Using Hubble to Engage Students in Scientific Inquiry
Who are NASA's Earth and Space Science Explorers?
The middle school students who track weather to study its effect on bursting tree buds. And the scientist studying black holes in distant galaxies. But also the teacher whose class shares Earth science data with students around the world. And the engineer who designs robotic instruments to probe hard-to-reach planets. All of these people are Earth Explorers, Space Science Explorers or both. The Earth Explorers and Space Science Explorers series features NASA explorers, young and old, with many backgrounds and interests.
As far back as his memory goes, Dan Lyons, Ph.D., a physics and astronomy education researcher, recalls an insatiable love affair with science: "From the time I was three years old, I would ask question after question about science, and my Dad would answer as best he could."
The future postdoctoral Fellow at the University of Chicago was naturally curious about chemistry, biology, physics and astrophysics -- about the relationship between atoms and molecules, between elements and compounds, and about chemical reactions versus nuclear reactions.
Lyons' voracious appetite for science eventually led to questions about how living things are made up of cells, about DNA and the evolution of species, and about the relationship between Earth and the greater solar system.
Ultimately, his explorations steered him to the Milky Way Galaxy and the entire universe beyond. It was his own fascination with science that first motivated Lyons to develop an activity aimed at students.
Together with coauthors, Stephanie J. Slater, Ph.D., Director of Research at the Center for Astronomy and Physics Education Research, and Timothy F. Slater, Ph.D., Endowed Professor of Science Education at the University of Wyoming, the three teamed up to create a program using NASA's Hubble Space Telescope.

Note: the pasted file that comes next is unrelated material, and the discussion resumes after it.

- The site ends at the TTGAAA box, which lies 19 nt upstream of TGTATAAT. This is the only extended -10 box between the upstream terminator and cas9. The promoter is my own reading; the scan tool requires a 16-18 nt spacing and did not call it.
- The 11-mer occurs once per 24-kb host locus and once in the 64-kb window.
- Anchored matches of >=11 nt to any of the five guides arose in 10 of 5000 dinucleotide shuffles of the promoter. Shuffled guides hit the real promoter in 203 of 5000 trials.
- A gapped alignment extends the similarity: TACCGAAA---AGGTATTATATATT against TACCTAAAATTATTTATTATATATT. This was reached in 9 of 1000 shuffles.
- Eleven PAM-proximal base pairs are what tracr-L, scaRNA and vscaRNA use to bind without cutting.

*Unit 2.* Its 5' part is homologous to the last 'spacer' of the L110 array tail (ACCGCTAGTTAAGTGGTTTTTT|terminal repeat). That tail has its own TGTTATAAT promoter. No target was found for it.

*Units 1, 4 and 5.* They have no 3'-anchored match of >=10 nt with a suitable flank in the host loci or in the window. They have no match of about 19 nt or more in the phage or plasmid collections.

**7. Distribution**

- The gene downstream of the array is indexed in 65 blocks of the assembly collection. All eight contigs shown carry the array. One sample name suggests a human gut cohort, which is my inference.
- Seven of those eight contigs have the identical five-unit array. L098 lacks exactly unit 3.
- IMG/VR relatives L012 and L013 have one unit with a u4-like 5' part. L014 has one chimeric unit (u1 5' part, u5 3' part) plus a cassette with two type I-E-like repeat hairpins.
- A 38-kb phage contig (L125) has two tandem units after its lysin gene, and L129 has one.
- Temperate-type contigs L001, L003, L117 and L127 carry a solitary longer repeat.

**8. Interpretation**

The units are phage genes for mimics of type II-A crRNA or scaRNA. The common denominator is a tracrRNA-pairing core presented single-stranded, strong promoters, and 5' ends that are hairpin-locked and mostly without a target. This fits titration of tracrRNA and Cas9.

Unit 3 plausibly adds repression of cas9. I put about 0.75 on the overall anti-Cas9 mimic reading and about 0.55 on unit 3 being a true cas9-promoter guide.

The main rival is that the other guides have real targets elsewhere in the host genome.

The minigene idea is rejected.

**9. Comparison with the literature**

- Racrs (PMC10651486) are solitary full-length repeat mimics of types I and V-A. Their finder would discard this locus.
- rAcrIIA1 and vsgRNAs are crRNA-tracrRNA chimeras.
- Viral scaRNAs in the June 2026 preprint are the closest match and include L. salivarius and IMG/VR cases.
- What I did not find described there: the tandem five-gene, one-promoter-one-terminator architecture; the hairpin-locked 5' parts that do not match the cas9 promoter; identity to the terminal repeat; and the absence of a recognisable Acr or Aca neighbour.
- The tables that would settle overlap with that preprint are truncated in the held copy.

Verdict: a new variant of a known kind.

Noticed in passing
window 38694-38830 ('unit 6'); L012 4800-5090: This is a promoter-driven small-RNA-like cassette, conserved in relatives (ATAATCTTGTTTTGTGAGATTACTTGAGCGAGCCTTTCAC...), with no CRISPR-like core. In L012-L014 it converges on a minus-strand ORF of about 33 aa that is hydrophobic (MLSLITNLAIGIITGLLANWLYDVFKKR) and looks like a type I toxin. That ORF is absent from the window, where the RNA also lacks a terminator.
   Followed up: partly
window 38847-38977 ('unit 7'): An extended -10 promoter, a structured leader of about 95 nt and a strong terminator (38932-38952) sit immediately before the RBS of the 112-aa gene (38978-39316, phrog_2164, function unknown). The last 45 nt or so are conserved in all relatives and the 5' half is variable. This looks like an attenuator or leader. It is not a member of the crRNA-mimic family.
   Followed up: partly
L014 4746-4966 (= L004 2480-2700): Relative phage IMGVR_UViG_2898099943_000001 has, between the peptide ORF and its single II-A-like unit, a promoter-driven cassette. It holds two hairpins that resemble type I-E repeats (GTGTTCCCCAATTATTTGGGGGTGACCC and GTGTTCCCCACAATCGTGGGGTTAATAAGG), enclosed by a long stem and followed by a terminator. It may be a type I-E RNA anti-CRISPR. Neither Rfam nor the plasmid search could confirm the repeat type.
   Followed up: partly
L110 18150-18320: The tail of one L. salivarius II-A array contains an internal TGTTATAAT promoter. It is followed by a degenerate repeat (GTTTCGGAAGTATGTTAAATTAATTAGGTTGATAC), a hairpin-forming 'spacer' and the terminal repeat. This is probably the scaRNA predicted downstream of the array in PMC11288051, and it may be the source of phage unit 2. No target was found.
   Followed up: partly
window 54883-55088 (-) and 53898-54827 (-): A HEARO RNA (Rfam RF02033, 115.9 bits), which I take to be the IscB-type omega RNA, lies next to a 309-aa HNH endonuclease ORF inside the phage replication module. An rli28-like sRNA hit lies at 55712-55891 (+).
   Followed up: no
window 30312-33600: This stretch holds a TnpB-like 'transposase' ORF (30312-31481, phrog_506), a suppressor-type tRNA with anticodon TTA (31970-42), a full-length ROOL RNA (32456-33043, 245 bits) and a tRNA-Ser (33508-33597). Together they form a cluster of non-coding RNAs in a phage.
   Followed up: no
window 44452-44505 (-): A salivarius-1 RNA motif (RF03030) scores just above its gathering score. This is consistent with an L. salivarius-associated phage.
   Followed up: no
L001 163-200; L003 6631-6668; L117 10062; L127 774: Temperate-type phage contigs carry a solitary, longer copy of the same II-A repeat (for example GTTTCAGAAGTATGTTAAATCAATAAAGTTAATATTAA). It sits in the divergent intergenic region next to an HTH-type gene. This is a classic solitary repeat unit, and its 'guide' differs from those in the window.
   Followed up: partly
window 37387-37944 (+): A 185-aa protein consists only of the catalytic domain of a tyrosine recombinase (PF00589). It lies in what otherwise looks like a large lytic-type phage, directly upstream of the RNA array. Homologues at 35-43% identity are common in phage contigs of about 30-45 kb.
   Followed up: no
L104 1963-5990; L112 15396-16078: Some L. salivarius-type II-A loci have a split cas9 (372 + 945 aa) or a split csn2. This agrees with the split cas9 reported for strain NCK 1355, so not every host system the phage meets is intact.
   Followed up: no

"We wanted to develop a curriculum for students that would allow them to consider how the Hubble telescope impacts our conception of the universe," says Tim Slater.
The trio's big idea, "Using HST to Scaffold Student-driven Scientific Inquiry," was selected as a winner in this year's NASA-sponsored Top Stars contest.
The Institute for Global Environmental Strategies conducts the contest to recognize educators who document exemplary use of NASA's Hubble Space Telescope in science, technology, engineering or mathematics education.
"The Hubble Deep Field activity was designed first and foremost to engage students in scientific inquiry in astronomy. It was designed so that students with very little background in galaxies could participate in the activity," Slater explains.
It seemed reasonable to the team of astronomy curriculum developers to foster an educational program around the Hubble's striking images.
"The Hubble Deep Field is one of the most iconic images in astronomy for our generation," says Slater.
The three self-described "science fiction fans" agree images from childhood served as a gateway to future careers in science.
"Above all, somehow it must convey to students that science truly is a creative enterprise," Lyons adds.
One of the major successes of their program is that undergraduate students engage in authentic inquiry that they design themselves. Students are guided through four different inquiry experiences using Hubble Space Telescope data and then are given more and more responsibility as the exercise progresses.
The Hubble Deep Field program shows a variety of objects in the very distant universe that can be systematically and scientifically counted, organized and classified.
For example, some galaxies are orange-red in color, while others are white or blue. After studying Hubble images, students are asked questions such as: What is the most common color of galaxy in the image? How did you determine this?
Lyons believes that the most famous Hubble Space Telescope images have succeeded in sparking this generation's imagination the way images from the Apollo space missions once did with previous generations.
"Landing people on the moon is, in my mind, still a bit greater (as) an accomplishment. However, images such as the Hubble Deep and Ultra Deep Fields give us astounding tangible evidence as to just how prolific galaxies are in the universe."
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Karen Nozik: Institute for Global Environmental Strategies